N-Time: An Automated Decision Support System for Sensor-Based Fertigation Management

Jackson S. Stansell, J. D. Luck, Tyler G. Smith, Hongfeng Yu, Daran R. Rudnick, Brian T. Krienke

Research output: Contribution to journalArticlepeer-review

Abstract

N-Time Fertigation Management System (N-Time) is a newly developed automated decision support system (DSS) that analyzes multispectral imagery and applies a nitrogen (N) recommendation algorithm to produce a binary action recommendation and accompanying prescription for an imminent fertigation application. Fertigation, the practice of applying fertilizer through an irrigation system, in irrigated grain maize production has traditionally been managed non- or semi-quantitatively using factors such as crop growth stage, grower intuition, or proportions of a total applied N goal to determine rate and timing of fertigation applications. Sensor-based fertigation management (SBFM), a management framework for fertigation of grain maize recently developed at the University of Nebraska–Lincoln, utilizes multispectral imagery to inform the number and timing of fertigation applications throughout the growing season. The core of the framework involves a frequent (i.e. weekly) monitoring and recommendation cycle for which data analysis, recommendation determination, and prescription generation. N-Time automates computational operations and facilitates workflow execution for these processes, reducing the time requirement per field from two hours down to 7.4 minutes for 12 cm/pixel resolution multispectral imagery (i.e. UAV captured) and 3.1 min for 3 m/pixel multispectral imagery (i.e. satellite captured). N-Time also demonstrated greater than 99% agreement with computational outputs produced using non-specialized software packages. N-Time was used to implement SBFM in research trials on productionscale maize fields in Nebraska during 2020 and 2021 and used in pilot full-field implementations on production-scale maize fields in Nebraska in 2021. Approximately 800 ha were under management between the two seasons. Results from on-farm research trials on approximately 320 ha in 2019 and 2020 demonstrated that SBFM produced higher N use efficiency than the grower’s best management in 94% of implementations and higher profitability than the grower’s best management in 59% of implementations.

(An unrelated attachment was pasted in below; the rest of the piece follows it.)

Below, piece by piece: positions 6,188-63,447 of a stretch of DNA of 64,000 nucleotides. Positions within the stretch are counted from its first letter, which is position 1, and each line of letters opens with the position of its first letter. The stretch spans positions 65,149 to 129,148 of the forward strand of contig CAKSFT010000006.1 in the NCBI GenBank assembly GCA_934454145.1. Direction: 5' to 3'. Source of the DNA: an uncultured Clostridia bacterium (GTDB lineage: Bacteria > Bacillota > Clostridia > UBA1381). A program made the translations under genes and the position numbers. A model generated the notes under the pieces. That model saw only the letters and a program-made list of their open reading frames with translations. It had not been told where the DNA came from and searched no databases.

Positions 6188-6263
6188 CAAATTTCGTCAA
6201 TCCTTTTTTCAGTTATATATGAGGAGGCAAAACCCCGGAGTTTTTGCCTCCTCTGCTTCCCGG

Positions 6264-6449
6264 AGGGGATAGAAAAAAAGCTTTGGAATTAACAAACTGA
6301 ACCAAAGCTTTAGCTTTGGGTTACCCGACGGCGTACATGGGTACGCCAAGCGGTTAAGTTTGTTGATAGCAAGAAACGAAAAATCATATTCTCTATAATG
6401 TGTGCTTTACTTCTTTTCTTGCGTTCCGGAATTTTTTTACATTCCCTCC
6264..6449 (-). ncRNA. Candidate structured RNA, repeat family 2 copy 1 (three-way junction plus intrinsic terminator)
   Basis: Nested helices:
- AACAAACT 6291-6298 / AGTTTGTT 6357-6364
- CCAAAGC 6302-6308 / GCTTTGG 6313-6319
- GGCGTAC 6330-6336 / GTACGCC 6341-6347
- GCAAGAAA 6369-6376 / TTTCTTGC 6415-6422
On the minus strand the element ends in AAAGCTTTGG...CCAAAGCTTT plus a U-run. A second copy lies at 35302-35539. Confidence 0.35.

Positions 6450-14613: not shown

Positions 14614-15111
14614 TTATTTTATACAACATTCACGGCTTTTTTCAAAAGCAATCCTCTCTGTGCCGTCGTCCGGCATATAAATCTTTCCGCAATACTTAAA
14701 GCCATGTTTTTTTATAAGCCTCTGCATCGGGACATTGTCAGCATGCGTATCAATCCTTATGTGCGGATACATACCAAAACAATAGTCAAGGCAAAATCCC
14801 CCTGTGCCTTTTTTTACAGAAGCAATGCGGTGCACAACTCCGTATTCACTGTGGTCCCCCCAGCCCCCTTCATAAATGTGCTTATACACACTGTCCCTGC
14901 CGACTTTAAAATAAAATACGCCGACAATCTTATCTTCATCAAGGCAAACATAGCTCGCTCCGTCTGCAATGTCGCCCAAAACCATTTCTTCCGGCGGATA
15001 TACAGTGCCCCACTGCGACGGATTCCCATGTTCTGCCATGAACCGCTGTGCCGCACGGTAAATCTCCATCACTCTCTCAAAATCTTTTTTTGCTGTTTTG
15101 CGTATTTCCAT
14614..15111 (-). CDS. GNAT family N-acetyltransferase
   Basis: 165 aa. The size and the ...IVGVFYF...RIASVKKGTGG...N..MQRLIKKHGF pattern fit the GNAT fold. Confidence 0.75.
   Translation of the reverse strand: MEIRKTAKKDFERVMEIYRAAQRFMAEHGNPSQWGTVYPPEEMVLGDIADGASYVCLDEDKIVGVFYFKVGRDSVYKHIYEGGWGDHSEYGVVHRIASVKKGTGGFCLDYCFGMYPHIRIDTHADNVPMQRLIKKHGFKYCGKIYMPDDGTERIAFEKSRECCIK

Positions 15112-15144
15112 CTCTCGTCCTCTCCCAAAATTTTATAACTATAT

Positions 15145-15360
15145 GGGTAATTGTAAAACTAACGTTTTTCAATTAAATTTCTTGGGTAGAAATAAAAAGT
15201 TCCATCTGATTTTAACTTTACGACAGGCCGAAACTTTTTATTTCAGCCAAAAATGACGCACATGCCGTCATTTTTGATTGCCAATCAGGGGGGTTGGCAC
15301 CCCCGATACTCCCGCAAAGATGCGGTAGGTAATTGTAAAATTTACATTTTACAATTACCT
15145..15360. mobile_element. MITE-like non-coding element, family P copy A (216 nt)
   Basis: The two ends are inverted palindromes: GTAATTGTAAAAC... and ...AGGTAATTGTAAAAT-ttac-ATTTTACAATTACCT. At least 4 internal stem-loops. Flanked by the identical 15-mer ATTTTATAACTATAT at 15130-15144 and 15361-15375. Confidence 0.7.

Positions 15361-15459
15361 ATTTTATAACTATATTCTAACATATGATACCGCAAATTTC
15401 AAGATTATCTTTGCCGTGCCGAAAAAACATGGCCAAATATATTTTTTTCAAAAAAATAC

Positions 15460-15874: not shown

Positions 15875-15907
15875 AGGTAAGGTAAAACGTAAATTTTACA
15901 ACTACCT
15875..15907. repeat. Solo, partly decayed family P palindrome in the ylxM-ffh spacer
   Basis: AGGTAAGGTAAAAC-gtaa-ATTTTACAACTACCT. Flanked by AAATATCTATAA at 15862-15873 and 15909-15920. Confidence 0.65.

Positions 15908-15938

Original languageEnglish (US)
Pages (from-to)259-264
Number of pages6
JournalVDI Berichte
Volume2395
DOIs
StatePublished - 2022

ASJC Scopus subject areas

  • Engineering(all)

Fingerprint

Dive into the research topics of 'N-Time: An Automated Decision Support System for Sensor-Based Fertigation Management'. Together they form a unique fingerprint.

Cite this